Merrimack County ash wood products quarantined after ash borer invasion
State officials announced the discovery of a tree infested by the emerald ash borer in Concord; Monday, April 9, 2013. It is the easternmost sighting of the insect and the first in New Hampshire. The ash tree is located between Interstate 93 and Hall Street. A quarantine of all hardwood cut in the next 30 days has been imposed on Merrimack County and the testing of ash trees with a 1 mile radius will take place over the next few weeks.
(ALEXANDER COHN / Monitor staff)
Jeffrey Rose, Commissioner of the New Hampshire Department of Resources and Economic Development speaks at a press confrence announcing the discovery of a tree infested by the emerald ash borer in Concord; Monday, April 9, 2013. It is the easternmost sighting of the insect and the first in New Hampshire.
(ALEXANDER COHN / Monitor staff)
State officials announced yesterday a quarantine on all ash wood products from Merrimack County, the first step in efforts to save millions of trees, and potentially millions of dollars, from an invasive pest spotted in Concord.
With more than 25 million ash trees in the northern forests and unknown numbers of the popular shade tree in urban areas, state officials acted quickly on a tip about unusually fervent woodpecker activity on a Hall Street ash tree late last month, said Piera Siegert, state entomologist.
The birds love the “good, cheap, easy meal” provided by emerald ash borer larvae just under the tree bark, she said.
Officials will spend the next four to six weeks inspecting ash trees in 6 square miles of the original sighting, trying to map the pest’s reach. They asked residents to identify any ash trees on their property and look for signs of infestation.
Adult emerald ash borers measure between 7.5 and 13.5 mm long, with bright, metallic green wings and a reddish-purple abdomen. Borer larvae tunnel under the bark, cutting off the supply of nutrient-filled sap. The first signs of trouble are dead limbs near the top of the tree, or, as in the case of the Hall Street tree, uncommonly eager woodpeckers.
Ash trees often die within five years of infestation, though certain pesticides can be applied to save the tree. If left unchecked, the emerald ash borer population could wipe out ash trees in New Hampshire within 10 years, said Nathan Siegert, a forest entomologist with the USDA.
The emerald ash borer is native to southeast Asia and was first found in North America in Michigan in 2002. Since then it has spread to 19 states, including New York, Connecticut and western Massachusetts, and two Canadian provinces, mostly via contaminated fire wood or nursery stock ash trees.
New Hampshire enacted a ban on out-of-state firewood in July 2011, but it’s likely the Hall Street tree was infested before then, Nathan Siegert said.
State officials said they also will be working with and inspecting timber and lumber companies in Hopkinton, Chichester, Pembroke, Loudon, Canterbury and Bow.
Of the more than 223 million board-feet of lumber cut in New Hampshire annually, about 1 percent is ash, said Brad Simpkins, state forester with the Department of Resources and Economic Development.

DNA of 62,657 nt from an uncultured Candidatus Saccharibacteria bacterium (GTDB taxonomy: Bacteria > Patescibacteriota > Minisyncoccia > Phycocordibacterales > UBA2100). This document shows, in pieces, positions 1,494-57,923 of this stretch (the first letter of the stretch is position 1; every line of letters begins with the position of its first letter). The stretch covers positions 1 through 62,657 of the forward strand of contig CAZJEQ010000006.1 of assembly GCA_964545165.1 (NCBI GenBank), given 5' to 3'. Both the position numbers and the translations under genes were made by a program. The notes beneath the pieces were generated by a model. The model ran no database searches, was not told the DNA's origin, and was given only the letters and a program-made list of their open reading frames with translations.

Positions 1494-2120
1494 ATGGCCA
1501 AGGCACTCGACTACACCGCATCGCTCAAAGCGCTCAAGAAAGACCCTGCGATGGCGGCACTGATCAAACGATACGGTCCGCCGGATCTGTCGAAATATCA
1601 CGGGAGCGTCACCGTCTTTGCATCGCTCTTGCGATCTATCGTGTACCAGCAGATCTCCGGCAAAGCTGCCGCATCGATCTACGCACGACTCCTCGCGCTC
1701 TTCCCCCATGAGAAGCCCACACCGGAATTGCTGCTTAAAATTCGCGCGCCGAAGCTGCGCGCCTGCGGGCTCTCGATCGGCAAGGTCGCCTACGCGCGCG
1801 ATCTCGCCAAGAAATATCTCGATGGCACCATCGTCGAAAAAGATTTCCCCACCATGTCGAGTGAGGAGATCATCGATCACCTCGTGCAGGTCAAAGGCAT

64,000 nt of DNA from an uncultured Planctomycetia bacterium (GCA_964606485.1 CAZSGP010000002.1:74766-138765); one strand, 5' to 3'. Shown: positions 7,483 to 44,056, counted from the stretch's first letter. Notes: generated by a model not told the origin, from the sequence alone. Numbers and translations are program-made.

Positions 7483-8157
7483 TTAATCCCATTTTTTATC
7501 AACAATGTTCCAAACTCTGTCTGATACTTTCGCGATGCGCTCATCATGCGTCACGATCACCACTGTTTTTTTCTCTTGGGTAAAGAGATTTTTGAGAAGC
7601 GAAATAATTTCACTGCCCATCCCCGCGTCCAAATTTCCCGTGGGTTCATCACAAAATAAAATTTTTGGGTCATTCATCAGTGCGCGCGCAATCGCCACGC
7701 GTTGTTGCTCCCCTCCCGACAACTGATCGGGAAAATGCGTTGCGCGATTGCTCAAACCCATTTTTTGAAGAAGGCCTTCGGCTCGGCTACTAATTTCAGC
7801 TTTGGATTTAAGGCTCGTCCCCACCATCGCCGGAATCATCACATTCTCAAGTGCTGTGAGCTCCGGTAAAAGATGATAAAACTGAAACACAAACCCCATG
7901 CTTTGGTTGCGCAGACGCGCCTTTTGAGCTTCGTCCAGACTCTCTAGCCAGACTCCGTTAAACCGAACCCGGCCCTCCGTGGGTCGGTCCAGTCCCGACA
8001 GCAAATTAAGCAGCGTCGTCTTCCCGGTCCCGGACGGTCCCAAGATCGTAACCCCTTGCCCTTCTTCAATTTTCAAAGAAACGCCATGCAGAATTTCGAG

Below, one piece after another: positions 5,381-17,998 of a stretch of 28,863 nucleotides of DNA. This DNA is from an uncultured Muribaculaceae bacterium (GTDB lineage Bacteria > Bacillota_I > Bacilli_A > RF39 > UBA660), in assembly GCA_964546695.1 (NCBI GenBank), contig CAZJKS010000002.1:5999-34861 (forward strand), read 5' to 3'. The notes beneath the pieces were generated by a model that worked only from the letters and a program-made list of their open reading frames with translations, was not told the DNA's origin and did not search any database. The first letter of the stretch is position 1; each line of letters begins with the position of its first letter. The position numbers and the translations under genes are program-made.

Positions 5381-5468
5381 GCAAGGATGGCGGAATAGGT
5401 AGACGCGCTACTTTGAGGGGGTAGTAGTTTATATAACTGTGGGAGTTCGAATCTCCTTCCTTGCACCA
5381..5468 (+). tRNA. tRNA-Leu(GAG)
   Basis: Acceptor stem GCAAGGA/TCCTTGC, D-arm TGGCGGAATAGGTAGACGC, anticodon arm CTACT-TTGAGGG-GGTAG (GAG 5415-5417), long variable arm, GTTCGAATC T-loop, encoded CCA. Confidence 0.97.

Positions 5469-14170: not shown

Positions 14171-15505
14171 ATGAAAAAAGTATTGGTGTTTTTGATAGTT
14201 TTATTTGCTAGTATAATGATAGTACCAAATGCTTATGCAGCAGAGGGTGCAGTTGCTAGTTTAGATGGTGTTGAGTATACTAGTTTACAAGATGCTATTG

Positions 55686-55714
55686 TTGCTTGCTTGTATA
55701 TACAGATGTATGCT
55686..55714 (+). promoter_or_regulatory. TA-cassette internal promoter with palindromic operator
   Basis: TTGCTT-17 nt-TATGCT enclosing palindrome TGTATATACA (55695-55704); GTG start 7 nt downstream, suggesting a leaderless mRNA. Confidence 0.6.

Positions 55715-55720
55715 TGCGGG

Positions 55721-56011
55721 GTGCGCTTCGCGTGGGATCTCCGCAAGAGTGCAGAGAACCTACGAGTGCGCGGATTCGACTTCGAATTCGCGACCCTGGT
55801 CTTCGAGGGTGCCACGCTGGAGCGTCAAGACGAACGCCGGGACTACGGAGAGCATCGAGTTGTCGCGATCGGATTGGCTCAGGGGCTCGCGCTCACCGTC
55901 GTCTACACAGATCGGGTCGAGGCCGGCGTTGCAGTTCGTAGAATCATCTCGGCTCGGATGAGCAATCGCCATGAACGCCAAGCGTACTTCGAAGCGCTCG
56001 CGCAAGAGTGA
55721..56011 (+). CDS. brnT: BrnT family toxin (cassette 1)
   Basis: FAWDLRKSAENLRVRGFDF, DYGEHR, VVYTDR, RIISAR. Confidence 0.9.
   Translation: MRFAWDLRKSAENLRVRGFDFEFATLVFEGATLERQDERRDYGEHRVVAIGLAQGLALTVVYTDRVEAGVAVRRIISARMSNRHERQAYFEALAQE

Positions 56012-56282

Companies will have to show that their ash wood has been or will be treated to kill or remove any emerald ash borers in order to receive a compliance agreement and permit to move the wood out of the county. Businesses that don’t comply could face losing their licenses.
“Basically the focus of the quarantines is to slow the artificial spread of EAB (emerald ash borers) so you can slow ash mortality and give some of these other technologies a chance to catch up,” said Piera Siegert.
Those other technologies include pesticides applied to individual trees and the fostering of a wasp species that hunts the borer.
Ross Farquhar, general manager at Brochu Nurseries in Concord, said the company stopped planting ash several years ago, when states beyond Michigan began spotting the pest.
Still, the trees that were planted before then have now grown, and make up between $10,000 and $15,000 of his inventory. With so many ash trees in the ground in one place, the nursery agreed to participate with the state in hosting purple triangular traps designed to attract any emerald ash borers in the area.
So far, they’ve all turned up empty, Farquhar said.
A hardwood that doesn’t need to be dried or seasoned, ash is highly sought after firewood, said Bill Day, owner of Oak Country Lumber in Chichester.
In the industry, “ash means baseball bats, flooring, cabinetry,” Day said. It also has started to mean “hard-to-find,” he said: “Ash has been a desirable species because, of late, it’s been getting rarer and rarer.
“It’s very easy to split, very East to work with, but there’s not a whole lot of it around, so when people can get it for firewood they’re very happy to have it. Whether they might be paying a premium for it now is what we’ll have to see.”
Yesterday, Day estimated he had about $1,000 worth of ash wood stock in the yard. Moving ash wood to his main consumers in Canada and Michigan has always meant maintaining permits to get through quarantined counties in Illinois and Indiana.
“Now, I guess I’ll have one more layer of paperwork with permits from the state, too,” he said.
Ross D’Elia, president of HHP Inc, a hardwood dealer in Henniker, agreed.
“I don’t think it’s going to be a huge financial heartbreak. On most woodlots white ash is not the predominant wood growing there,” he said. “That said, it’s always a concern. You’d hate to lose a species. You hate to see another elm, repeat the demise of the chestnut. Nobody likes that.”
(Sarah Palermo can be reached at 369-3322 or
email@example.com or on Twitter @SPalermoNews.)